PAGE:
Wallace and Area Museum
Wallace, Nova Scotia

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Acadian Removal at Remsheg, August 15, 1755

 
Tuttle Creek Dyke, well over 2 metres above high water, showing interior wall and drainage ditch
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Historic Marshland of Remsheg Bay
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The Dykes of Remsheg Bay
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Mural depicting the French/English conflict during the 17 th and 18th Centuries
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Rich marsh land, once protected by an Acadian dyke
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The Acadian Story
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Map of Nova Scotia in 1755, showing Acadian villages including Beaubasin, Remsheg and Tatamagouche
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Natural marsh grass, rich from centuries of decaying vegetation
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Mural of Acadian Settlement in Nova Scotia, by Barbara Clark
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The Acadian Settlement
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Mural by Barbara Clark showing Acadian farm life of 1700 - farming and building a dyke using oxen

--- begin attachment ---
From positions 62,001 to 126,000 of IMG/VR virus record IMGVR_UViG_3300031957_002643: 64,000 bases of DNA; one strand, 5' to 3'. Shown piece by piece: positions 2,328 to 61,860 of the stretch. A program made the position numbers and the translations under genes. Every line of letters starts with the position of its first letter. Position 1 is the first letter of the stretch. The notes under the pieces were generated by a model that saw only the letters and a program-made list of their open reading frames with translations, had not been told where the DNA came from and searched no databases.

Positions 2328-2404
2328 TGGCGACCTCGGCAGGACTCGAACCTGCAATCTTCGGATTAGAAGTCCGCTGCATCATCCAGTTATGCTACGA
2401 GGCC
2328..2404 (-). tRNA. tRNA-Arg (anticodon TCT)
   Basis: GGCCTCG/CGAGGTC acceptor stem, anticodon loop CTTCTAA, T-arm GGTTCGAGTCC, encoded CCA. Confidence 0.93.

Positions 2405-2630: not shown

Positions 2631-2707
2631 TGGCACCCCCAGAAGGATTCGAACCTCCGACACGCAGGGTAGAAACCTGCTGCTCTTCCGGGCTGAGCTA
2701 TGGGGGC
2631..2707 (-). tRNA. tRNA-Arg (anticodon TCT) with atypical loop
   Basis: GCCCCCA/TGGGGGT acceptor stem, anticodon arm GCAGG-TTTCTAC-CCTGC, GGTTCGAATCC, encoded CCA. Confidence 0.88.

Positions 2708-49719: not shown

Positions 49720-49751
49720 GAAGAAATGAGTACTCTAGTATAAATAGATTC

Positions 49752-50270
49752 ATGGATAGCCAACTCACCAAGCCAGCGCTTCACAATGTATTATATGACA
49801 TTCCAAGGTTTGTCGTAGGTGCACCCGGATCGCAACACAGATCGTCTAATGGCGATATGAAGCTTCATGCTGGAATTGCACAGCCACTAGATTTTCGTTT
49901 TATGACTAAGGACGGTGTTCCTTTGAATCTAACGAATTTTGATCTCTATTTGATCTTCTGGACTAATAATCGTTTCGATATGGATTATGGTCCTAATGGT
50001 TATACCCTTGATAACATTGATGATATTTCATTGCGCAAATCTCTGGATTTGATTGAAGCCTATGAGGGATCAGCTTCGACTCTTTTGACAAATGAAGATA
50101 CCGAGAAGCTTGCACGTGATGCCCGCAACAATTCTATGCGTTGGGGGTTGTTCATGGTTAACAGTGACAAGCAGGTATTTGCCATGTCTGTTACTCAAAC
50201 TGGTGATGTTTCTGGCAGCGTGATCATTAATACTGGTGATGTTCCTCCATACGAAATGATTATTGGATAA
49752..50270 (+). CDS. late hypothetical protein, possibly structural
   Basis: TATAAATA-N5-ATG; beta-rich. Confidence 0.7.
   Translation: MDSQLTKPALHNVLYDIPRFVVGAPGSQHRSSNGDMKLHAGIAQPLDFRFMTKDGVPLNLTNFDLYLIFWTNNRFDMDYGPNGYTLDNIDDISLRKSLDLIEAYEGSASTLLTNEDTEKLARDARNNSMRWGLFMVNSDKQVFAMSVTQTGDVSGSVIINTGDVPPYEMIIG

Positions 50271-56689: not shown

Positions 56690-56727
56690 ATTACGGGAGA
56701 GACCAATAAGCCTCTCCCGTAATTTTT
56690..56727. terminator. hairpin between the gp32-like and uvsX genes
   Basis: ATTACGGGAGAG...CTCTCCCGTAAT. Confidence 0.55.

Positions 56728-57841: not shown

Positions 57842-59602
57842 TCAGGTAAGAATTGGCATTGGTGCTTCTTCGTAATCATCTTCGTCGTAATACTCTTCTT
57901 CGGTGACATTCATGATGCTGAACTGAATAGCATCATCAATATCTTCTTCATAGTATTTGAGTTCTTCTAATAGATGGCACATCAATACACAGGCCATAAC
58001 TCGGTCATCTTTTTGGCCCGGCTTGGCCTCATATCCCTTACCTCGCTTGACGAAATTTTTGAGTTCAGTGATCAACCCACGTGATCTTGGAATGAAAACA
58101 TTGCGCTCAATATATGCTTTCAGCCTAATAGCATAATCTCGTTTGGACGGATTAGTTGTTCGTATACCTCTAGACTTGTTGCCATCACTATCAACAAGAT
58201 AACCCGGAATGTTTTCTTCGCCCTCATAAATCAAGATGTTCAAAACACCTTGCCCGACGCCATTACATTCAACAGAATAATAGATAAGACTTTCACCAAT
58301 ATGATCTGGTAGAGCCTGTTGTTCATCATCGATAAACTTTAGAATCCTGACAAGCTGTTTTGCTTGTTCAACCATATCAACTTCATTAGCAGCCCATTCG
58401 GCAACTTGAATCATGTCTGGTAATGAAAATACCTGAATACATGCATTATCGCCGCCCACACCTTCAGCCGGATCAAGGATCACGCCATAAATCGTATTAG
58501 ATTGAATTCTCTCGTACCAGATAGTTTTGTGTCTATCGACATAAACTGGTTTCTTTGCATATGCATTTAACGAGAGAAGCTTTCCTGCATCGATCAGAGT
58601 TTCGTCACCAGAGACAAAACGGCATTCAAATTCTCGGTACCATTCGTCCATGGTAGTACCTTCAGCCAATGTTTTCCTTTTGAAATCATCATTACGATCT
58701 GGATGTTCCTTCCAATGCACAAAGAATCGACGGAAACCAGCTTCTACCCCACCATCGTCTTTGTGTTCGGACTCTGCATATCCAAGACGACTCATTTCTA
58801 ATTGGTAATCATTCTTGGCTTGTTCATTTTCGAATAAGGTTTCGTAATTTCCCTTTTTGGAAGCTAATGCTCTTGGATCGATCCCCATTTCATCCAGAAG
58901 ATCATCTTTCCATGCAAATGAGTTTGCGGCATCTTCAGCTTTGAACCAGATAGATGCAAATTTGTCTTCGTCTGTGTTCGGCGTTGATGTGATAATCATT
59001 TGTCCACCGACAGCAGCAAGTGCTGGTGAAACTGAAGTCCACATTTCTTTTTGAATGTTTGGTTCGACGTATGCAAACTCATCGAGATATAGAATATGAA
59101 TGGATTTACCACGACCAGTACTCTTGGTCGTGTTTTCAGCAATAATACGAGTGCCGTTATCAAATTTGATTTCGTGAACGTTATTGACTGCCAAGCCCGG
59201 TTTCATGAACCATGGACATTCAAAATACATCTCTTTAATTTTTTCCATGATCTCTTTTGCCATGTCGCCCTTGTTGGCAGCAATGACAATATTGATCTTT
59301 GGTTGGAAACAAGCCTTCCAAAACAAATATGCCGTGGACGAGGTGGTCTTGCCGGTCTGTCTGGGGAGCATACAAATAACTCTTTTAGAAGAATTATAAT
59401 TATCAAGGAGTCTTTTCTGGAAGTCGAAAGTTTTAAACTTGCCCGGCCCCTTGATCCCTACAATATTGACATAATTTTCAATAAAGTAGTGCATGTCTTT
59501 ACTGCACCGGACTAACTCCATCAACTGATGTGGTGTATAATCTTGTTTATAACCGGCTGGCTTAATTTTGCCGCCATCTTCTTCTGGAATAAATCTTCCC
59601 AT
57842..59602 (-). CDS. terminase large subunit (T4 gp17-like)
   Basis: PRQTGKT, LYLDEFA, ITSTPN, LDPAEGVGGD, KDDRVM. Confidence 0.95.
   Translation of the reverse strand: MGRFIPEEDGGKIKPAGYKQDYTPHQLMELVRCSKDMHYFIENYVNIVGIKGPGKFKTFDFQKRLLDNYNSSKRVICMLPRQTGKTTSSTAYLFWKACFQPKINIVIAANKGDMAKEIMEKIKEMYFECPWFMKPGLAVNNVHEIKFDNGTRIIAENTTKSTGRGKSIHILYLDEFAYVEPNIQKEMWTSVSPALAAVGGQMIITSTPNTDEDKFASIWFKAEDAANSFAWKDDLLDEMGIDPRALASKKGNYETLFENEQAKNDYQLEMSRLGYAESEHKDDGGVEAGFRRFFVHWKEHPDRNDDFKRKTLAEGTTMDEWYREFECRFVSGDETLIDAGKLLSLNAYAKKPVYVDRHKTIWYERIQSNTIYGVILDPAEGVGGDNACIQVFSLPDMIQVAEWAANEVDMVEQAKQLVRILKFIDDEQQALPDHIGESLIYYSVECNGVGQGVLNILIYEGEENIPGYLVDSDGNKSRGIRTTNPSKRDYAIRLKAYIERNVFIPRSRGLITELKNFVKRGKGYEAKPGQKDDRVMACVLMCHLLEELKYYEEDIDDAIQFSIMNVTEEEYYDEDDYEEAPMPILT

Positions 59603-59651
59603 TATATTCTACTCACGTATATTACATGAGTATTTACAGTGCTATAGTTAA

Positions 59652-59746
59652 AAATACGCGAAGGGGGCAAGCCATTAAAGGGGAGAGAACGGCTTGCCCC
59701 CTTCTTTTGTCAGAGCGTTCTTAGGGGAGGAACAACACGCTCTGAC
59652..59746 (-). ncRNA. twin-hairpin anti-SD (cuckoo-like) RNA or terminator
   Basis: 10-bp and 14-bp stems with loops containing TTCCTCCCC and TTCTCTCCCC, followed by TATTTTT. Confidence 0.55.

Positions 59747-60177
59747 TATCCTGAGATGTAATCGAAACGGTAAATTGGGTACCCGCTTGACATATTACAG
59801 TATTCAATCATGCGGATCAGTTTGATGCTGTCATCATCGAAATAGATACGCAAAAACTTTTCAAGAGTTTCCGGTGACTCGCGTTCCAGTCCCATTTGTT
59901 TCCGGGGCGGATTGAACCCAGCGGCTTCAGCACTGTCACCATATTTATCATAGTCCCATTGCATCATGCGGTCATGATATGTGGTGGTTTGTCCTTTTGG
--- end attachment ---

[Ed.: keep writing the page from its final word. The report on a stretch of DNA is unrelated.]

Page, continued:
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Acadian Settlement in Remsheg
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Image of Fort Lawrence, present day Amherst, in 1755
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1750 map of Nova Scotia, clearly showing the Chignecto to Cobiquid road (Amherst-Truro)
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The trail from Cobiquid (Truro) to Tatamagouche, rough in places, followed the Chigonois River
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British soldier re-enactors from the Acadian Deportation period
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Lt. Governor of Nova Scotia, Charles Lawrence; The Deploration took place under his command
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Re-enactment soldiers of the Deportation period
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